Things to Do in Oahu - page 4
If it’s a rainy day in this island paradise, or you forgot your bathing suit at home, the Waikele Center is a sprawling sanctuary of classic retail therapy. Located in Waipahu in Central Oahu, the outlets here provide an affordable alternative to the larege scale malls in town. You’ll find global classics such as Armani, Converse, Adidas, and Michael Kors, as wells as shops with island flare like the Local Motion surf shop. There’s a popular food court for re-fueling so you literally don’t shop ‘til you drop, and even a trolley connecting the two sides of this sprawling commerce compound.
Stretching from just behind Honolulu to Oahu’s Windward (eastern) coastline, the Ko’olau Range is not actually a mountain range at all. Instead, the undulating green and vertical slopes which top out at 3,100 feet, are just one side the ancient, massive Ko’olau shield volcano. The other half of the volcano collapsed into the ocean millennia ago. The Ko’olau Range acts as a wind block for points inland, stopping clouds along the coast and causing regular rains. But here, rain is a good thing: Residents and locals delight as the Ko’olau’s creased face fills with hundreds of thin white waterfalls and Hawaii’s iconic rainbows arch across the sky.
The best places to experience the grandeur of the Ko’olau Range are themselves elevated. The Pali Road, connecting Kailua to downtown Honolulu, winds up, into and, in some instances, through, the Ko’olaus via tunnels bored directly into the cliff face. Be sure to stop and take in the view from several scenic stop-offs along the way.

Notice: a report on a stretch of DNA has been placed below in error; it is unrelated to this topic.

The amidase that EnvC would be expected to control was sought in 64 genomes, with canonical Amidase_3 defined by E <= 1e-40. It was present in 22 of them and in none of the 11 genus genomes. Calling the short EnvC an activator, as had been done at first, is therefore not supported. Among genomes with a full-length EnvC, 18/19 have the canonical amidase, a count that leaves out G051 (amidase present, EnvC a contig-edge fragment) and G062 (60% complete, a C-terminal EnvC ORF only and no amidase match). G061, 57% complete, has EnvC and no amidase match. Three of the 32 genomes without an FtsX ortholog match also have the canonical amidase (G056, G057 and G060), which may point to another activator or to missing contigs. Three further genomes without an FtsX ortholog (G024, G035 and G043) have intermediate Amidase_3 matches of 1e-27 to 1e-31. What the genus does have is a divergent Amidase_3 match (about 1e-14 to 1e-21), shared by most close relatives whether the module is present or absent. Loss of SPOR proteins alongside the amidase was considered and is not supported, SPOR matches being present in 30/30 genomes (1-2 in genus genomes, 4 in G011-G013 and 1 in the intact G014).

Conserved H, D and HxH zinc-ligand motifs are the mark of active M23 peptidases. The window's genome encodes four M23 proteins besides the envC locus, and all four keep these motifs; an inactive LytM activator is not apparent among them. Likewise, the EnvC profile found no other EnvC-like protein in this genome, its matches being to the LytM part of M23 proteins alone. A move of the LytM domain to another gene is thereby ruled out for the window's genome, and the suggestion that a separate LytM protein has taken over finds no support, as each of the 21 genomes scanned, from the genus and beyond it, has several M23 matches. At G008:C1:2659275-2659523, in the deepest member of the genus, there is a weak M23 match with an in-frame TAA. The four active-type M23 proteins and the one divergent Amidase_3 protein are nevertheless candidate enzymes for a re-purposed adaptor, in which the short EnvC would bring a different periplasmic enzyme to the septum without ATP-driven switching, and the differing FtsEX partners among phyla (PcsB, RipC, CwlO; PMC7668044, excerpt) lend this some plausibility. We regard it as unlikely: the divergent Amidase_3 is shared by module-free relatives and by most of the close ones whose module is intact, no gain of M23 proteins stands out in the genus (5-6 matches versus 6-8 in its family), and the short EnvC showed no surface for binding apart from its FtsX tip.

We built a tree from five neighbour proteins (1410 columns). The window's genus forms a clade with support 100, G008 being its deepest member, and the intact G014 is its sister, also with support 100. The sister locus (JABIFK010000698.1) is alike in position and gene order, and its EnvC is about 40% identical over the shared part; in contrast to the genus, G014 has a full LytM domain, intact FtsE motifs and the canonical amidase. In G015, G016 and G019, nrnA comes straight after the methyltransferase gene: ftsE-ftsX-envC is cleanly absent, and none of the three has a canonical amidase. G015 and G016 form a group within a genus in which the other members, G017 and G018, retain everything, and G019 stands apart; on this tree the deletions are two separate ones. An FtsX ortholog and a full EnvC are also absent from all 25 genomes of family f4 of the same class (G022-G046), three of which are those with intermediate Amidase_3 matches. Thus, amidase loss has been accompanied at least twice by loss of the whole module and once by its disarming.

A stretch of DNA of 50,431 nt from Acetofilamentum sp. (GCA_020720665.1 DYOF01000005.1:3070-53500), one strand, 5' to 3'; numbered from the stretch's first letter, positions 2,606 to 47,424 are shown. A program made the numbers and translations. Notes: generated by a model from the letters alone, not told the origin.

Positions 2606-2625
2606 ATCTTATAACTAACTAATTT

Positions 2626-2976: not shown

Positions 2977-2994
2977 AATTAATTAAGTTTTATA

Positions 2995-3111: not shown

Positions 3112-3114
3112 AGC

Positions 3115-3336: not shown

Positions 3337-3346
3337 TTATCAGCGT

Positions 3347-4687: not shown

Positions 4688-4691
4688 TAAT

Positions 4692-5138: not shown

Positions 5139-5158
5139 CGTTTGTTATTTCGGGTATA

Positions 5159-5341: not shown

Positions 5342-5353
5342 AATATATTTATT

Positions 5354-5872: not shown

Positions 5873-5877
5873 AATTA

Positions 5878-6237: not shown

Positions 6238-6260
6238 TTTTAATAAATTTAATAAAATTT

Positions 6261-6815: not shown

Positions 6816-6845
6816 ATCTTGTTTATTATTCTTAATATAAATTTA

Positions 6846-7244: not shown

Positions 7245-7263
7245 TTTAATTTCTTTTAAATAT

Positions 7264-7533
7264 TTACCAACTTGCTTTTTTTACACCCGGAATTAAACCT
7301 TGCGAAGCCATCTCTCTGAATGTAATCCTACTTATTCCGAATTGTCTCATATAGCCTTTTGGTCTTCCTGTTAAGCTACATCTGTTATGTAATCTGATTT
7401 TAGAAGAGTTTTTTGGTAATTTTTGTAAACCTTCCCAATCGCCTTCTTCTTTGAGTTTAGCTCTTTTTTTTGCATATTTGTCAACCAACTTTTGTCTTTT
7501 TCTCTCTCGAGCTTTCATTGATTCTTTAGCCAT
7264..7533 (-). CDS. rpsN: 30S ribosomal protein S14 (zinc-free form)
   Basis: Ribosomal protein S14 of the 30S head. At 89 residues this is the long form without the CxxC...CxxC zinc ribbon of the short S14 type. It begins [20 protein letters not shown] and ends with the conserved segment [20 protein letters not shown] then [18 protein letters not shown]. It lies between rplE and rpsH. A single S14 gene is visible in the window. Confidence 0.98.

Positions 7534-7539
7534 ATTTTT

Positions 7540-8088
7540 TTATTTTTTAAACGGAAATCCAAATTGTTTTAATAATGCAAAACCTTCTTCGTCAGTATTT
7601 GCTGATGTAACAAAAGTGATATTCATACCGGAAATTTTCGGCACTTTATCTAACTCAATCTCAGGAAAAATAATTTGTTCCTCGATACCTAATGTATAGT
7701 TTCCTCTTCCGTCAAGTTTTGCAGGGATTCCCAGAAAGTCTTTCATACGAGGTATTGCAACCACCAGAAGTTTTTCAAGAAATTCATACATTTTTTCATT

He'eia State Park is located on Oahu's eastern shore, right on the popular Kaneohe Bay. The park covers about 18.5 acres, with one side on Kaneohe Bay and not far from the town of Kaneohe. It's between the He'eia Fish Pond and a small harbor called He'eia Kea. There are picnic facilities, including some with covers, and walking trails.
From He'eia State Park, you can see not only Kaneohe Bay but also the Ko'olau mountains. There are sometimes walking tours available, as well as kayaking and snorkeling tours and occasionally classes on canoe building.
Named after Hawaii’s legendary surfer and the official “Ambassador of Aloha,” this Waikiki Beach was voted “Best Beach in America” in the 2014 rankings. Dozens of palm trees spring from the sand to provide natural shade from the sun, and young children love splashing and lounging in the protected saltwater lagoon. The ocean here isn’t nearly as busy as at the main Waikiki Beach, and since the offshore reef manages to break up the waves, inflatable rafts meant for lounging in the sun replace surfboards, SUP boards, and canoes.
When standing on the wide, white sand beach, iconic Diamond Head looms to the left on the far side of Waikiki. To the right, the Ala Wai Boat Harbor houses mariners from all across the Pacific, and the famous Hilton Hawaiian Village Resort lines the entire shoreline. The beach—as you can imagine—is very popular, so it’s a good idea to arrive early and stake out a good patch of sand.
For an island that’s only 28 acres, Coconut Island has a grandiose history that belies its tiny size. Originally used by Native Hawaiians for traditional fishing and farming, this palm-covered islet in Kane’ohe Bay would eventually be purchased by Christian Holmes—heir to the Fleischman yeast fortune. In addition to expanding the island’s size from 12 to 28 acres, Holmes built everything from a saltwater swimming pool complete with a slide and diving board, to a private residence with outdoor bars and a collection of exotic animals.
After Holmes’ death in 1944, troops stationed at Kane’ohe Marine Base would use the island as a recreation retreat between their tours of duty. It would be purchased by another private family, host a long list of celebrities and future or former presidents, and even feature on the opening scene of the TV show, Gilligan’s Island.